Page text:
The emergence of credit cards, loans and systems like "buy now, pay later" make it all too easy to avoid ever having to save up for anything.

But though it can be fine to seize the day, try not to seize it every single day!

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Just because you can have something now, doesn’t mean it’s always a good idea to follow through.

Solution: Instead of being tempted to spend money that you don’t have on something that you don’t need, try to delay gratification by focusing on saving for it.

This way you’ll learn a lesson in patience, and experience the feeling of finally reaching your savings goal and being able to buy something with your own money.

7. You have expensive vices

We all have bad habits, but some are definitely more expensive and unhealthy than others.

Things like smoking, drinking too much, retail spending and gambling can cause serious financial strain, not to mention wreak havoc on your health and well-being.

To quit a bad habit isn’t easy –you need persistence, willpower, dedication and support – but a great way to maintain motivation is to focus on all the money you’ll be putting into your pocket, instead of spending it on unhealthy things.

Solution: The first step is admitting that you have a problem to begin with – and there’s no better way to face reality than by doing an audit and acknowledging just how much your addiction is costing you.

8. You lack financial goals

The benefits of setting financial goals are endless, and failing to do so can leave you treading water for years without actually getting anywhere.

Goals can inspire you and give you purpose.

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Whether you want to save money for a car, a house, an investment property, or just as a safety net (which is always a good idea!) setting goals help you get what you want faster.

Solution: Decide what it is that you’re aiming for.

Write down why it is important to you, and then set yourself specific goals that can help you reach your destination.

9. You hang out with the wrong people

External influences, like friends and family, can be very persuasive when it comes to making right or wrong decisions.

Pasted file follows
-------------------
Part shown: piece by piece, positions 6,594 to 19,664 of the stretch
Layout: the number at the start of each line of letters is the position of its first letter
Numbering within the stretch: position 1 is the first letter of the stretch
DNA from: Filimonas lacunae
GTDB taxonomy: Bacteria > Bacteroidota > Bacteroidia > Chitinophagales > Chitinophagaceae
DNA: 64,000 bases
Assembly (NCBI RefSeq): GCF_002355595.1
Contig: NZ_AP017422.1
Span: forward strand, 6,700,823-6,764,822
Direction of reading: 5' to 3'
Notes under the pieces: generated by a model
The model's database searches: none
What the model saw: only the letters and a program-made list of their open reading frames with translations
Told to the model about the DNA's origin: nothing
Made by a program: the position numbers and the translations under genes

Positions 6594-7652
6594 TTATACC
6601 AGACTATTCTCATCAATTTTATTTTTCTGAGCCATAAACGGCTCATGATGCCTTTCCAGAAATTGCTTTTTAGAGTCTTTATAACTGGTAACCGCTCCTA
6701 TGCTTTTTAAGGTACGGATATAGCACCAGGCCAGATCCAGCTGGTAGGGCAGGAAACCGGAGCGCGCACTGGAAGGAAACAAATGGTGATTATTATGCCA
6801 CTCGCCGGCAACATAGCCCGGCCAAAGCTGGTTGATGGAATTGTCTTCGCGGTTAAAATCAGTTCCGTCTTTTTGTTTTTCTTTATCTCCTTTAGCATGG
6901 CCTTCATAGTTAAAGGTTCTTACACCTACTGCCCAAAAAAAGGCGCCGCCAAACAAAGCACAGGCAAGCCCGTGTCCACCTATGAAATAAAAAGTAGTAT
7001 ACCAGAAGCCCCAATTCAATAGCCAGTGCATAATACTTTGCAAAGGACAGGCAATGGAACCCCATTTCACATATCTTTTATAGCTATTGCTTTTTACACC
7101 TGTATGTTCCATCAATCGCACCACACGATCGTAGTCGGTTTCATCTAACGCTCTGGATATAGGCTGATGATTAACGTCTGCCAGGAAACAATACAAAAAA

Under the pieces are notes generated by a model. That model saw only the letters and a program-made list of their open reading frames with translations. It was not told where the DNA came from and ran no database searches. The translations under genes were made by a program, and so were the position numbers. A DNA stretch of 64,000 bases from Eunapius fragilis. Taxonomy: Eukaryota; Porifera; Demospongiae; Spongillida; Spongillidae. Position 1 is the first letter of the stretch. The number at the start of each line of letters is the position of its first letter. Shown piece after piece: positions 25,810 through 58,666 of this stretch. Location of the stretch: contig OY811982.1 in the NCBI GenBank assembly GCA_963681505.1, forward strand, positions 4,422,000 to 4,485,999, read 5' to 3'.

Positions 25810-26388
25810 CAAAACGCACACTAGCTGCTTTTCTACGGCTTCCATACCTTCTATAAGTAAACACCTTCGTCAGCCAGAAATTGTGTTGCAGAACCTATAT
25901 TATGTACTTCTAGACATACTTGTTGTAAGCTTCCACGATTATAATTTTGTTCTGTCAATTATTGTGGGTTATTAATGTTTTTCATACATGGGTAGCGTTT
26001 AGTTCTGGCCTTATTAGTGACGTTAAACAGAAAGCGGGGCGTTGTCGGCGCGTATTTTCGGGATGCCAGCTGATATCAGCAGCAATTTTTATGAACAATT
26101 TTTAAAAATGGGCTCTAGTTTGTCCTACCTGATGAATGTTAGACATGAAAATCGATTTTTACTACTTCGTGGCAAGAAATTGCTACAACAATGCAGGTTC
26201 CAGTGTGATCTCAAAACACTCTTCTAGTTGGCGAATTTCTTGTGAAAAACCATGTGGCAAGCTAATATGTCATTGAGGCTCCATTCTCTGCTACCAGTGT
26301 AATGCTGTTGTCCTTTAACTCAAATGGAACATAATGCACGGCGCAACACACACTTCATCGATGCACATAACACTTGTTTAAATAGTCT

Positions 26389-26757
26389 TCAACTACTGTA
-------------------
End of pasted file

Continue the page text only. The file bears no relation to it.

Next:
You can tell which influences are negative by taking some time to think about your interactions.

Are they encouraging you to grow, think bigger, and to elevate yourself and your situation?

Or are they the types to make reckless financial decisions that leave them feeling regretful the next day – and therefore, they encourage that behaviour in you, too?

Solution: If you don’t want to be dragged down by people who are bad influences, do some soul-searching and ask yourself whether your circle of friends really represent the most healthy choices.

10. You fail to budget

An oldie, but a goodie.

If you’re aiming for financial stability, you need a budget, pure and simple.

Budgeting might seem difficult, but there are so many different methods of creating a budget these days that you will be able to find a way that is easy, straightforward, and works for you.

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Your budget doesn’t even have to be restrictive or make you feel like you’re missing out on living, as having a well-thought-out budget can lead you to financial freedom faster than you can say “Ooooh, look at all my savings!”

Solution: If you don’t already have a budget in place, it’s time to set one up, pronto.

This $70 budget exercise is the perfect example of how some foresight and inspired thinking around your how a well-thought-out budget can positively transform your life.

About Michael is a director of Metropole Property Strategists who help their clients grow, protect and pass on their wealth through independent, unbiased property advice and advocacy. He's once again been voted Australia's leading property investment adviser and one of Australia's 50 most influential Thought Leaders. His opinions are regularly featured in the media. Visit